I’m sure when people in the UK hear the name Pat Roach, they know exactly who we are talking about. He accomplished a lot in his life, securing a part in a hit TV show and a number of movie roles. While he was not a leading man, he’s played some iconic characters.

Roach was born on May 19th, 1937 in Birmingham, UK. He would live there his entire life. He grew up to be a giant, topping out at the extra large size of 6′ 5″ and weighing 275 pounds. I don’t know what that is in stones, as I am on the correct side of the Atlantic. Naturally when you’re that big of a man, you could end up in sports, and that’s exactly what Roach did.

He began as an amateur boxer in his teenage years, before becoming a black belt in Judo by the age of 22. Roach ended up finding his way into the squared circle as a professional wrestler. Being the size of a mountain, wrestling suited Roach well. He was trained by Alf Kent, a fellow son of Birmingham that once was a Midland Area Heavyweight Champion.

Roach started out with the name “Big” Pat Roach. Although he was a well known wrestler, the crowd would often boo and jeer him as a typical heel wrestler. Later, after starting his acting career, he changed his in ring name to Pat “Bomber” Roach and began receiving cheers from the crowd instead.

The first match in Roach’s career was against George Selko in 1960. He had many matches, continuing to wrestle after getting into acting. He would go up against some wrestling greats such as Giant Haystacks on a number of occasions. He held the British Heavyweight Championship once and the European Heavyweight Championship twice in his career.

What is unclear is exactly how Roach found his way to the big screen. His debut was Stanley Kubrick’s A Clockwork Orange as the bouncer at the Milkbar. Apparently Kubrick liked Roach, as he hired him once again, this time as a bare knuckle brawler named Toole in Barry Lyndon.


After this initial success, Roach had a hard time finding his way in the acting business. He spent the next few years getting small time roles on TV shows, usually a one-off episode. With his size he tried for the role of Darth Vader in Star Wars, but unfortunately he didn’t get the part, losing out to Dave Prowse.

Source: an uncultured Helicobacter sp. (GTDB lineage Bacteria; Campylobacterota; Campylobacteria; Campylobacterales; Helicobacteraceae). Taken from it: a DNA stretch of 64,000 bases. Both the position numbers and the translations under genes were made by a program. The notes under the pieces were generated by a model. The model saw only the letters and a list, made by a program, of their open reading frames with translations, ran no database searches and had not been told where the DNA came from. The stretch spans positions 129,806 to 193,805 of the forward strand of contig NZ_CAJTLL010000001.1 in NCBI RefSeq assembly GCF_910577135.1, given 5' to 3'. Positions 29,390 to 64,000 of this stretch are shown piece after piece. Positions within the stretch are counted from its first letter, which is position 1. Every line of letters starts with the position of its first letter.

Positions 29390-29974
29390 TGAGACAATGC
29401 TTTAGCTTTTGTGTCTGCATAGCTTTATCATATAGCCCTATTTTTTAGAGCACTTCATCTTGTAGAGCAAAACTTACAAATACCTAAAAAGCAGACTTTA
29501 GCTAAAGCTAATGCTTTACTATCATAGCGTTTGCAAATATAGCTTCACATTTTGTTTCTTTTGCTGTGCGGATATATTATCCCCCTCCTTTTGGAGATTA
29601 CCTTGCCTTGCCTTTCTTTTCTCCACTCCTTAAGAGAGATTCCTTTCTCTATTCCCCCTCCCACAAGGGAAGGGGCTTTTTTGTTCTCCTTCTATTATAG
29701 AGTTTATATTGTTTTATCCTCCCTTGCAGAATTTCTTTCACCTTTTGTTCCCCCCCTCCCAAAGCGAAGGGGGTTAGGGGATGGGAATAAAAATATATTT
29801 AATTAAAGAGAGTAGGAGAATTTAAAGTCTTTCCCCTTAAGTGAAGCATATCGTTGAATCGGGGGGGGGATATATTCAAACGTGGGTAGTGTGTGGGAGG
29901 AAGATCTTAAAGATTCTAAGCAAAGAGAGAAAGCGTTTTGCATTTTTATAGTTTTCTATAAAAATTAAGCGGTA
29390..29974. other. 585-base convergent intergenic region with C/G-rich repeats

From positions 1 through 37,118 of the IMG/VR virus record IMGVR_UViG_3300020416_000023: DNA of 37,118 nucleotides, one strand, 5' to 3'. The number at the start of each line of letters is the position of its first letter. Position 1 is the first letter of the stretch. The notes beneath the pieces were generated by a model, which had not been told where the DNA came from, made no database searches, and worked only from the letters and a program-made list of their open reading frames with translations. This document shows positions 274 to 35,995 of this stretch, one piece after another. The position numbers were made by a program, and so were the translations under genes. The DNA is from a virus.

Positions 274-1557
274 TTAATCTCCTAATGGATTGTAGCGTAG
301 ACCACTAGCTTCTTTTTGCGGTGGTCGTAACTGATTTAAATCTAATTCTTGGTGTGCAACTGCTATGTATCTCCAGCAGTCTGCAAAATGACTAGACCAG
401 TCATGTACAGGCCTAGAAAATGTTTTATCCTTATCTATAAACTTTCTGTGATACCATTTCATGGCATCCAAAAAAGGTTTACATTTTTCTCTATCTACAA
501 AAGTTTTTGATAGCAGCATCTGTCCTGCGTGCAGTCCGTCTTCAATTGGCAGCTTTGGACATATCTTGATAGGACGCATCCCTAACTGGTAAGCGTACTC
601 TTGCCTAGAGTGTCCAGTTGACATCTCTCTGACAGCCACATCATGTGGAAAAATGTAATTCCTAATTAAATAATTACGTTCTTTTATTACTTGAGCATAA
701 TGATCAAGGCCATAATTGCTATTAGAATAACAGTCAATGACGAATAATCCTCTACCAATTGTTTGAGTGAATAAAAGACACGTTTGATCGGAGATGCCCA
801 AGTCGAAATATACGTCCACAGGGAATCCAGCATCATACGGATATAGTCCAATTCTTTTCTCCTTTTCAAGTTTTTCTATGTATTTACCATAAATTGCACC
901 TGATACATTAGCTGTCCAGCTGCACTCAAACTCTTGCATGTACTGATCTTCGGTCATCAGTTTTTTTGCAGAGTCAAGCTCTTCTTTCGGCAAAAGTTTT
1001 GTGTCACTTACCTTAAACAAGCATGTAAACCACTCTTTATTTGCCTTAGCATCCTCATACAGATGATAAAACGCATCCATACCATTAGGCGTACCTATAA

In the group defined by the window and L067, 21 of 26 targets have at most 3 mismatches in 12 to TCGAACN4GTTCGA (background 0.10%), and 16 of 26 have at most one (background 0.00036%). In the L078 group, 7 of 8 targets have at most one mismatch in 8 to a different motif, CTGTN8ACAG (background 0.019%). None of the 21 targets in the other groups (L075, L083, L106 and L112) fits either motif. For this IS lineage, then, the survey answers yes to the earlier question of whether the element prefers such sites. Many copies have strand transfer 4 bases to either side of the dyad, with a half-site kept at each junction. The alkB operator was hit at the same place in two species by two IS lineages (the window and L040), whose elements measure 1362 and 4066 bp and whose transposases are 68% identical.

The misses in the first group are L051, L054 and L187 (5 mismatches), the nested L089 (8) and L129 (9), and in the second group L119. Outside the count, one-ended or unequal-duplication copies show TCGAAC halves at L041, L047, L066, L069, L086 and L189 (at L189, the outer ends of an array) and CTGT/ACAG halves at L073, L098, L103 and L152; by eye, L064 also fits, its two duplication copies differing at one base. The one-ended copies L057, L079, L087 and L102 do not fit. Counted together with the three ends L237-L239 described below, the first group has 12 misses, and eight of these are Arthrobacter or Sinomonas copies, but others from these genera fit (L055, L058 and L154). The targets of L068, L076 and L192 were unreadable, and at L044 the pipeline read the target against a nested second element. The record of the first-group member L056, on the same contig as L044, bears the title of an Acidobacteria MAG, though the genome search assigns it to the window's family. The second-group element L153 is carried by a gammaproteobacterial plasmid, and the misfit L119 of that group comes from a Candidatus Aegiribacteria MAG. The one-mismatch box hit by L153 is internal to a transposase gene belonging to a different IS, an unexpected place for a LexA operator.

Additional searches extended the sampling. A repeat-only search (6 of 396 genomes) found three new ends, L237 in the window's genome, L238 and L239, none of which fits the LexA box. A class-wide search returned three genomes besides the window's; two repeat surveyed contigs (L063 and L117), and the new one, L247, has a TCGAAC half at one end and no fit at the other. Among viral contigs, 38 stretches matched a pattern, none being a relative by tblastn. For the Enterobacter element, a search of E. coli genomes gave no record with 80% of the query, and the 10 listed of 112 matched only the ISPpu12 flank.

It wasn’t all for nothing. While George Lucas didn’t pick him for Vader, but he did recommend Roach to Steven Spielberg for Raiders of the Lost Ark. He actually plays two different characters in the movie. He first shows up as a large Sherpa who attacks Indiana Jones in a Nepalese bar. His second appearance is the more iconic bald Nazi airplane mechanic, knocking Indy around again before being turned into chop suey by spinning airplane propeller. Not the biggest roles, but that second fight scene is one of the best and I look forward to it every time I watch the movie.


Not only did Roach have two different roles in the first movie, but he was also in the second and third movies as different character too. He’s the only actor besides Harrison Ford to be in all of the first three Indiana Jones movies. Having him defeated by Indy turned into a bit of a running joke in the series. There was a scene in The Last Crusade were Indy knocks out Roach’s character, but it was cut out. All that remains is a cameo appearance, running alongside Colonel Vogel as they head for the blimp.

During this time Roach was getting other roles as well. Due to his size these were mostly villain roles. He played the S.P.E.C.T.R.E. assassin Lippe in the not-so-official James Bond movie Never Say Never Again, against Sean Connery reprising the role of 007.

He plays opposite Arnold Schwarzenegger in Conan the Destroyer and again in Red Sonja, where we get to see Roach bested by the Titular character herself. Roach has played many bad guys through his acting career and a lot of them are very memorable. I’d argue none as much as General Kael in the movie Willow. His stature, with that skull mask, made him menacing. This is still a character I think of when talking about the best villains in movies.


Back in the UK, as well as being a famous wrestler, Roach was well known for his role in a TV show titled Auf Wiedersehen, Pet. In the 80s series he plays a brick layer that goes by the name Brian “Bomber” Busbridge in a nod to his wrestling career. It was highly popular in the UK and even came back for a new run in the early 2000s.

Alongside Roach’s steady career of acting and wrestling he published an autobiography titled If – The Pat Roach Story. It is based on his favorite poem by Rudyard Kipling and was co-written by Shirley Thompson. They would write another book together – Pat Roach’s Birmingham.

Roach never really left his home city of Birmingham other than when working. During his career as an actor many people tried talking him into moving to the United States, but he always stayed true to his roots. He was also a local businessman. He owned and ran a health club in North-East Birmingham and owned and co-managed a scrapyard in Saltley, Birmingham.


On July 17, 2004 Pat Roach’s battle with esophageal cancer ended. He died in Bromsgrove, Worcestershire, UK. This was only 15 miles away from the place he was born. He achieved so much in his life, more than most, and probably would’ve done more if not taken at the early age of 67.

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